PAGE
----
Lok Sabha has passed Representation of the People (Amendment) Bill, 2017 by voice vote to extend the facility of ‘proxy voting’ to overseas Indians, on the lines of service voters. The Bill seeks to amend Representation of People Act (RPA), 1950 and Representation of People Act (RPA), 1951 to allow for proxy voting and make certain provisions of these Acts gender-neutral.
RPA, 1950 provides for allocation of seats and delimitation of constituencies for elections (state assembly and Lok Sabha elections), qualifications of voters, and preparation of electoral rolls. It permits registration of persons in electoral rolls who are ordinarily resident in constituency. These persons include persons holding service qualification (such as member of armed forces, member of armed police force of state, serving outside state or central government employees posted outside India and persons holding certain offices in India declared by President in consultation with Election Commission. Under it wives of such persons are also deemed to be ordinarily residing in India. RPA, 1951 provides for conduct of elections and offences and disputes related to elections. It permits an overseas voter to vote only in person. In this case overseas voter is citizen of India who is absent from his place of ordinary residence in India. Currently, only service personnel are permitted to vote through proxy.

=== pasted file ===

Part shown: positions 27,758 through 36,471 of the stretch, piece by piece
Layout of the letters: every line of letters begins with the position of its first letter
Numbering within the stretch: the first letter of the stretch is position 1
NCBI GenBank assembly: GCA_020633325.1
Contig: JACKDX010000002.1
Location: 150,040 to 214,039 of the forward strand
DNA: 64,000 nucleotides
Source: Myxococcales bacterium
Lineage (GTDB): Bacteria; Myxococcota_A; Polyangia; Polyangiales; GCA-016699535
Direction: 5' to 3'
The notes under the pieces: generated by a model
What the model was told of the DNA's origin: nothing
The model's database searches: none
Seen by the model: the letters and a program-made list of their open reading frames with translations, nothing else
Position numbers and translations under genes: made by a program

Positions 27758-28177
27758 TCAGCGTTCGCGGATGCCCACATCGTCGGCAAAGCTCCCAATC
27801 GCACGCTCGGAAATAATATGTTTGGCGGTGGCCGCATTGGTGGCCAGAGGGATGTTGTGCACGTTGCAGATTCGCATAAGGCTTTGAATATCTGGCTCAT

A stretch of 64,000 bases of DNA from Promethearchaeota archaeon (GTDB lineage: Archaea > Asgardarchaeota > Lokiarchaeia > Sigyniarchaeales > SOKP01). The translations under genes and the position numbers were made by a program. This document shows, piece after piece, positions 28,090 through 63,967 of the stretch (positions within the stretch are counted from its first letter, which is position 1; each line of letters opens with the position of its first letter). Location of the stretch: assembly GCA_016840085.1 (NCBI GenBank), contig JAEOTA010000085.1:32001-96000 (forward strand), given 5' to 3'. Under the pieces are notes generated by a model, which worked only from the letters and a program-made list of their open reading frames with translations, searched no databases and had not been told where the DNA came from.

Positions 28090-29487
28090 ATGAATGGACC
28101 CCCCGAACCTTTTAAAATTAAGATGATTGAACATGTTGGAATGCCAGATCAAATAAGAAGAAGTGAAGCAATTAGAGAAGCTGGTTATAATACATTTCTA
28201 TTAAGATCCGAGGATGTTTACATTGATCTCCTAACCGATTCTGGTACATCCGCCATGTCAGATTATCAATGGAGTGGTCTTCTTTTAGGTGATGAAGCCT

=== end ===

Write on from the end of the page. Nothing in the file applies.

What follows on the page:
Key Features of Bill
The Bill replaces the term ‘wife’ with ‘spouse’ in both Acts. It replaces wife with spouse of a person holding service qualification to vote. It amends RPA, 1951 to permit overseas voter to cast their vote in person or by proxy in constituency where elections are being conducted.
According to rough estimates, there are about 1 crore Indians settled abroad, of which 60 lakh may be within eligible voting age. By granting them proxy voting rights, overseas Indians will be able to exercise franchise during elections and also need not to spend foreign currency to come to India during elections. Moreover, this decision will also enable overseas Indian to considerably sway in election results, especially in states such as Punjab, Kerala and Gujarat where a number of expats hail from.